• Perhaps the most famous of this sort of montage is in the training sequences in Rocky (1976). The 2004 film Team America: World Police has a song called Montage that parodies this.

Series Spotlight: James Bond, Part 4

This segment is an installment of our continuing discussion about the James Bond film series. See Episode 3, Episode 4, and Episode 5 to hear about the earlier episodes of the series.

  • The Living Daylights (1987), a high point in the series, marks the first time out for Timothy Dalton in the role of Bond. Dalton’s interpretation harkens back to the character of the Ian Fleming novels and restores Bond’s dangerous edge.
  • Licence To Kill (1989) steers Bond into darker territory. It’s also a strong film, but the rough edges and cheap look detract. David Hedison returns to the role of Felix Leiter, the only time an actor ever played the character more than once.
  • The two Dalton films featured Caroline Bliss as Moneypenny; the subsequent Brosnan films would cast Samantha Bond in the role.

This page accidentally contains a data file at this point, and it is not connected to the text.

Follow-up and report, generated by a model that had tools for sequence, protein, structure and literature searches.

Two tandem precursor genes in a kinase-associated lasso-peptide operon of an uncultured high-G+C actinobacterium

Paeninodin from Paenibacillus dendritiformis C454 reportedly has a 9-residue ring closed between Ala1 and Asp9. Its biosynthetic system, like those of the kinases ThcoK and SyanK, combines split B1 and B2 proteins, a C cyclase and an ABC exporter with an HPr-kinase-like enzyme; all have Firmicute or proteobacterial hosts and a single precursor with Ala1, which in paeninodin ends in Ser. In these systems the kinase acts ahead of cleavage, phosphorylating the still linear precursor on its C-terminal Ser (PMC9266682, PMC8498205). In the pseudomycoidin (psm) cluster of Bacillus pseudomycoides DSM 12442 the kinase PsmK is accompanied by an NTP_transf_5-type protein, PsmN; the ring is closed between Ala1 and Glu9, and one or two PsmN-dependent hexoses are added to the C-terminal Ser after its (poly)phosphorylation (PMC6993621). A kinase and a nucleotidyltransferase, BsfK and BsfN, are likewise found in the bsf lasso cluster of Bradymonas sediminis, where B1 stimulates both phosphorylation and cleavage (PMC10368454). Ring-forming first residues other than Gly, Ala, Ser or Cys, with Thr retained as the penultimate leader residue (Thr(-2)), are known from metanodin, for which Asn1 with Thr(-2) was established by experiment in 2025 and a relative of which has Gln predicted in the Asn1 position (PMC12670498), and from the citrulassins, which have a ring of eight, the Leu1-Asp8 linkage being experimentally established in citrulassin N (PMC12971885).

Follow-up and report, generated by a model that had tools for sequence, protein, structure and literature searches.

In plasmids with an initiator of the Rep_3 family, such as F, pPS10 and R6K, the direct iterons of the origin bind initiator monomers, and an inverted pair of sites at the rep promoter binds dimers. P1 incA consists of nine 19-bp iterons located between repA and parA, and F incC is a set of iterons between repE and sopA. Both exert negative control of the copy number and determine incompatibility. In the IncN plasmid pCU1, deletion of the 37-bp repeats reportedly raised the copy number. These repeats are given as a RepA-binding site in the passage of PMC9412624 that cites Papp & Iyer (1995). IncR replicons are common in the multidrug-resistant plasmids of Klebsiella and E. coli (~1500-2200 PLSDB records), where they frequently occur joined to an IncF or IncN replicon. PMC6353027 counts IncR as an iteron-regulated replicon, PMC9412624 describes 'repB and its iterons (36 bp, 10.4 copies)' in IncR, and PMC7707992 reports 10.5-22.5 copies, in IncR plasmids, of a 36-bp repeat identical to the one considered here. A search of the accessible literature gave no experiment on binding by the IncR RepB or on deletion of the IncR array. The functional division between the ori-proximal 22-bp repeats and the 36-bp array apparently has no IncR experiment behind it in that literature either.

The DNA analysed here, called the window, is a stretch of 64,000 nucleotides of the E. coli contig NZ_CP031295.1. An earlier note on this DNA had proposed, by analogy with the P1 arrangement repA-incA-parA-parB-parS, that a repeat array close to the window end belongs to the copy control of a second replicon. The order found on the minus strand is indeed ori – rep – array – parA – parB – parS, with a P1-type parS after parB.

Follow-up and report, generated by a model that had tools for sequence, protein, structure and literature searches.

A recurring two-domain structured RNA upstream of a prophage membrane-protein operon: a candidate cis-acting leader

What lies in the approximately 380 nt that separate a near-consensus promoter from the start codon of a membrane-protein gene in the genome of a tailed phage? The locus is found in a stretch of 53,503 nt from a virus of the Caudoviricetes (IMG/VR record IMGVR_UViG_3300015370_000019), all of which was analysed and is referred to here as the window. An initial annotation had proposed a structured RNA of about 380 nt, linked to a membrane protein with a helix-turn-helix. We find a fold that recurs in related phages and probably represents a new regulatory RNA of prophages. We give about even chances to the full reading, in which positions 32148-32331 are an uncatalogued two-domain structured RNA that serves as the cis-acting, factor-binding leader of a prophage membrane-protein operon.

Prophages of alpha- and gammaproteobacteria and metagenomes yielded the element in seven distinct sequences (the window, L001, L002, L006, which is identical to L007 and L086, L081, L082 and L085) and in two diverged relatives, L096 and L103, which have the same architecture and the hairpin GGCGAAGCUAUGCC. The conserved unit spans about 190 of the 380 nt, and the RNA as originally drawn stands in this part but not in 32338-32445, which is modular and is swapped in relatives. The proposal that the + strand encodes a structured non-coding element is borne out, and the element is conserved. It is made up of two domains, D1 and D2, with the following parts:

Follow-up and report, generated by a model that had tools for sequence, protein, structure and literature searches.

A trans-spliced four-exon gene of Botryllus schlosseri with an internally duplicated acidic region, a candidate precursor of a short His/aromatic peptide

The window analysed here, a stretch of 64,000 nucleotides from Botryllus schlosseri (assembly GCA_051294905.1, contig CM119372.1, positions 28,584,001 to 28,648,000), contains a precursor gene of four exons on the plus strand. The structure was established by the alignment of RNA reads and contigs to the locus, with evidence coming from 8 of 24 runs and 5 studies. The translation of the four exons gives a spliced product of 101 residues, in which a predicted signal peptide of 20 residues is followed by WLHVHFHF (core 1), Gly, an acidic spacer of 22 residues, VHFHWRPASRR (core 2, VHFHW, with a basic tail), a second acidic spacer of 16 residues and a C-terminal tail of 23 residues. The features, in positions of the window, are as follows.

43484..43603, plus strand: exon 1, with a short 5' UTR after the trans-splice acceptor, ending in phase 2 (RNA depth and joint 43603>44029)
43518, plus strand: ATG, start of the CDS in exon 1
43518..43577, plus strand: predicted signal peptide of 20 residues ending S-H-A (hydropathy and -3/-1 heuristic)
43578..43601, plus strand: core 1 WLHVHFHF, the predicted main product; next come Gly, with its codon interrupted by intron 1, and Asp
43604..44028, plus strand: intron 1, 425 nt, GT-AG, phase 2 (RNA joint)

• Licence To Kill was the last to be written or co-written by Richard Maibaum, who had been with the series from the beginning.
  • Licence To Kill also marks the last time Maurice Binder would design the distinctive credit sequences for the series.
  • Legal disputes keep Bond out of theaters for another six years. Timothy Dalton’s third movie, The Property of a Lady, could not be completed. Dalton officially quit the series in 1994, opting out of doing another episode after the legal matters clear up.
  • Pierce Brosnan is cast for Goldeneye (1995), which cannibalizes parts of the old script for The Property of a Lady but is mostly a fresh story. But the question becomes, is Bond still relevant in the post-Cold War era?
  • The character of M is recast as a woman, played by Judi Dench, who calls Bond a “relic of the Cold War.” But the record-breaking box office of Goldeneye establish that Bond is truly back.